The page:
Division 2:  Western Fame wires the field in 1:51.4

Division 3:  Lyons Steel surprises at 10-1 in 1:50.4, the fastest mile at Yonkers this season.

Division 4:  More The Better wears down frontrunning Anythingforlove in 1:52.1

Division 5:  Mac’s Jackpot holds off fast-charging Ideal Jimmy to win in 1:52.4

Pacing Major, Western Fame and More The Better are all six year olds, while Mac’s Checkpot is five and Lyons Steel is the baby of the group at age four.

The current standings can be found here.

The Levy resumes on Saturday, April 6 with the fourth leg, but the raceway continues to churn with cards scheduled Monday, Tuesday, Thursday and Friday in addition to Saturday evening.

We will give the mares their due later in the week as they prepare for the fourth leg of the Bluechip Matchmaker series.
















Cal Expo Keeps Rambling On

by John Furgele Harness Racing 228

As we know, the sport of horse racing is going through some difficult times in light of the horse fatalities at famed Santa Anita Park.  With racing suspended there until at least March 22, that leaves two other tracks to watch and wager on in the nation’s most populous state—Golden Gate Fields and Cal Expo, the former features thoroughbred racing, the latter, Standardbreds.

Cal Expo will never be confused with or be as grandiose as Santa Anita and Del Mar, but given the recent set of circumstances at Santa Anita, it might be a good time to shed some light on harness racing in the state of California.

The Expo meet runs 47 days, from November 10 to April 27 and the like the Meadowlands runs two days per week, Saturdays and Sundays.  And like the Meadowlands and the Red Mile in Lexington, KY, features a one mile racing surface.  That alone makes it appealing to bettors who often find it frustrating when betting on half-mile tracks.

They don’t race for a lot of money at the Expo; the Friday March 8 card featured 12 races and $43,000 in total purses.  The Yonkers opens are currently running for $44,000.  The Friday feature carried with it a $7,000 purse.  Tonight’s feature is The Gary Budahn, a $10,000 race for non-winners of five races and less than $25,000 in earnings.  Six fillies and mares vying for the $5,000 first place check.  In truth, the only thing that makes this race a feature is the five figure purse.

Purses are important to people like me.  For some reason, they draw me in, but in reality, they are not what draw in bettors. Purses at the Meadowlands have been low, yet the track is still the industry leader in handle.  That said, with the recent purse subsidy additions, the track handled nearly $4 million on Saturday, March 2.  The bigger money races can lure in some players to be sure.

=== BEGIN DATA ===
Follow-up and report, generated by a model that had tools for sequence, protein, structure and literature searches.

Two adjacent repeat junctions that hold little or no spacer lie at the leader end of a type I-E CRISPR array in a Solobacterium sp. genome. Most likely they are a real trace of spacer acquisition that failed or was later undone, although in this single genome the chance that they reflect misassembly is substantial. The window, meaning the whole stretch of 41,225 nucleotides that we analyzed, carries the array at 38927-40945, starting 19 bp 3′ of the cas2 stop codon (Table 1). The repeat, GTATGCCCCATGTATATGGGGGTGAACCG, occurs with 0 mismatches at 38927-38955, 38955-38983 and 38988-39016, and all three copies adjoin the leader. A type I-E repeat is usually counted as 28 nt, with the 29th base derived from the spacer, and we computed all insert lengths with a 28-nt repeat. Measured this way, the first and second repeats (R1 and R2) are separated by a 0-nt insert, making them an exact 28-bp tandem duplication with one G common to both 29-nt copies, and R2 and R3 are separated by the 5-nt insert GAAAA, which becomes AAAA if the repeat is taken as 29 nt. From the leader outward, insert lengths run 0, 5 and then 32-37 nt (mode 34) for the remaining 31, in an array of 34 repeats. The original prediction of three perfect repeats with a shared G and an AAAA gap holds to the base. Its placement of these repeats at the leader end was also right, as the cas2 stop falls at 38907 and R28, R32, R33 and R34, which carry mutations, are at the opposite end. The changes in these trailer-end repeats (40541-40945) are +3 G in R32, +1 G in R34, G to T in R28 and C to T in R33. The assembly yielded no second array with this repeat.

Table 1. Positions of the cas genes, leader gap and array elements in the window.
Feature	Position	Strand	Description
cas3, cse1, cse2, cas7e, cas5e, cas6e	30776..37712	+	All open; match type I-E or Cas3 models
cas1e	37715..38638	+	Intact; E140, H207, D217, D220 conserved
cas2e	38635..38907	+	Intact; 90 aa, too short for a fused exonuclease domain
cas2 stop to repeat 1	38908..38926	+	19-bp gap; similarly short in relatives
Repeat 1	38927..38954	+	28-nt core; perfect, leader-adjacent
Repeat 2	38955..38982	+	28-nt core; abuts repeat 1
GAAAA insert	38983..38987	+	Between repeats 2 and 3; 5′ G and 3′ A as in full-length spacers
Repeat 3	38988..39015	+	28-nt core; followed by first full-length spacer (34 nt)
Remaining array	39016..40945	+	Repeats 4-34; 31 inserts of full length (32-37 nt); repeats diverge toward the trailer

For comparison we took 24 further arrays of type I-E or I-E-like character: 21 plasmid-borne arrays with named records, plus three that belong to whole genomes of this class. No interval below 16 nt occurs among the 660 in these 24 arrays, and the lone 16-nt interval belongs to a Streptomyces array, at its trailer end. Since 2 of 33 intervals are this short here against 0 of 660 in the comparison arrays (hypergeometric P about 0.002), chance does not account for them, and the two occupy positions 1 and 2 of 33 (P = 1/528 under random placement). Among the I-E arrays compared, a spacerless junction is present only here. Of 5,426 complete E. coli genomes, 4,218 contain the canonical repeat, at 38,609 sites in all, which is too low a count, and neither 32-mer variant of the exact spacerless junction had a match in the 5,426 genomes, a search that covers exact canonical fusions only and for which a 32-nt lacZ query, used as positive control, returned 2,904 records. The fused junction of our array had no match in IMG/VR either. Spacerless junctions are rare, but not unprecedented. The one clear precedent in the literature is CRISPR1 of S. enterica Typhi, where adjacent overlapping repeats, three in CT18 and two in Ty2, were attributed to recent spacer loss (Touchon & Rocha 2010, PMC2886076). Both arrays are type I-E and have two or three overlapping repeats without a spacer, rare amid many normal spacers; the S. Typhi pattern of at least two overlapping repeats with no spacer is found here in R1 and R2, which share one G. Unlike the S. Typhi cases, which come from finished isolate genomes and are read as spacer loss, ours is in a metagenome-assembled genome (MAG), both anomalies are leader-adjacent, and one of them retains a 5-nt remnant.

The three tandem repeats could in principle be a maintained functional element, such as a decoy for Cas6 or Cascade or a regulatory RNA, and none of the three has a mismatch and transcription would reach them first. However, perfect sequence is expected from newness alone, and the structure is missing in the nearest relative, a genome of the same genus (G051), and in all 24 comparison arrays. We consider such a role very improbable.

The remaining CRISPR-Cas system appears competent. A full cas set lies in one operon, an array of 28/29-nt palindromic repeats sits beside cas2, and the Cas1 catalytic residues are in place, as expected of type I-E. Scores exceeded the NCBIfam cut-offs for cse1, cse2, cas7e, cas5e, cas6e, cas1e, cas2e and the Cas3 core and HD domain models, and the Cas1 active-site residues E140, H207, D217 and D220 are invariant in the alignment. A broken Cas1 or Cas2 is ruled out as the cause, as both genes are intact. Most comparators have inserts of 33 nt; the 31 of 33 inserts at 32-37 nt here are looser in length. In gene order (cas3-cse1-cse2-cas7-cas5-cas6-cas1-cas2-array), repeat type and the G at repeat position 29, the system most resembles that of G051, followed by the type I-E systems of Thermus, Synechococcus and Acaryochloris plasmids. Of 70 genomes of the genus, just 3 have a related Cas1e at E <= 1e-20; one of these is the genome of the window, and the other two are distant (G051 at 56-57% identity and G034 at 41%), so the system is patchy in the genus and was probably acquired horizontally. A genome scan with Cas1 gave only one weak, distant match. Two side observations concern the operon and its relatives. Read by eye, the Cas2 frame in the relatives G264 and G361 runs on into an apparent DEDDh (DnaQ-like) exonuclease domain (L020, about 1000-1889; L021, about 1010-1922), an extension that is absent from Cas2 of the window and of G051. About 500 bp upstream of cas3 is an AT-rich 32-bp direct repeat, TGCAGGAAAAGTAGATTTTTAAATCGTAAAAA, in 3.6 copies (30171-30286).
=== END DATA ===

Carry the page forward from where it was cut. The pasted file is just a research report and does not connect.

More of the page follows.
Cal Expo is the only harness track in California and believe it or not, is the only harness track west of Minnesota.  Harness racing has always been East and Midwest dominant and Cal Expo does give those who live in the Mountain and Pacific Time zones an opportunity to do some prime-time watching and wagering.

The track features $2 night on the last Saturday of every month with draft beer, wine, soda and hot dogs going for the $2 rate. In California, that’s a bargain.

The mile track can yield some fast times.  The fastest mile paced there belongs to Eaton Road Kill, who stopped the clock in 1:49.4 back in November 2005.  The fastest trotter goes to Pridecrest who tripped the wire in 1:53.2 back in November 2017.

Gary Seibel is the track announcer at Cal Expo and if you follow harness racing, you know that name.  Each August, Seibel anchors CBS Sports Network’s coverage of The Hambletonian and for 12 years (1999-2011) was a fixture on TVG’s coverage of harness racing.  Seibel is in the communications wing of the Harness Racing Hall of Fame, too.  The horses may be a step below world class, but that is certainly not the case with Seibel calling the action.

Post time is usually 9:10 ET and most nights, features 10 to 12 races.  We know that harness racing will not pick up the hopefully temporary void of not having Santa Anita, but sometimes, a diversion can be good.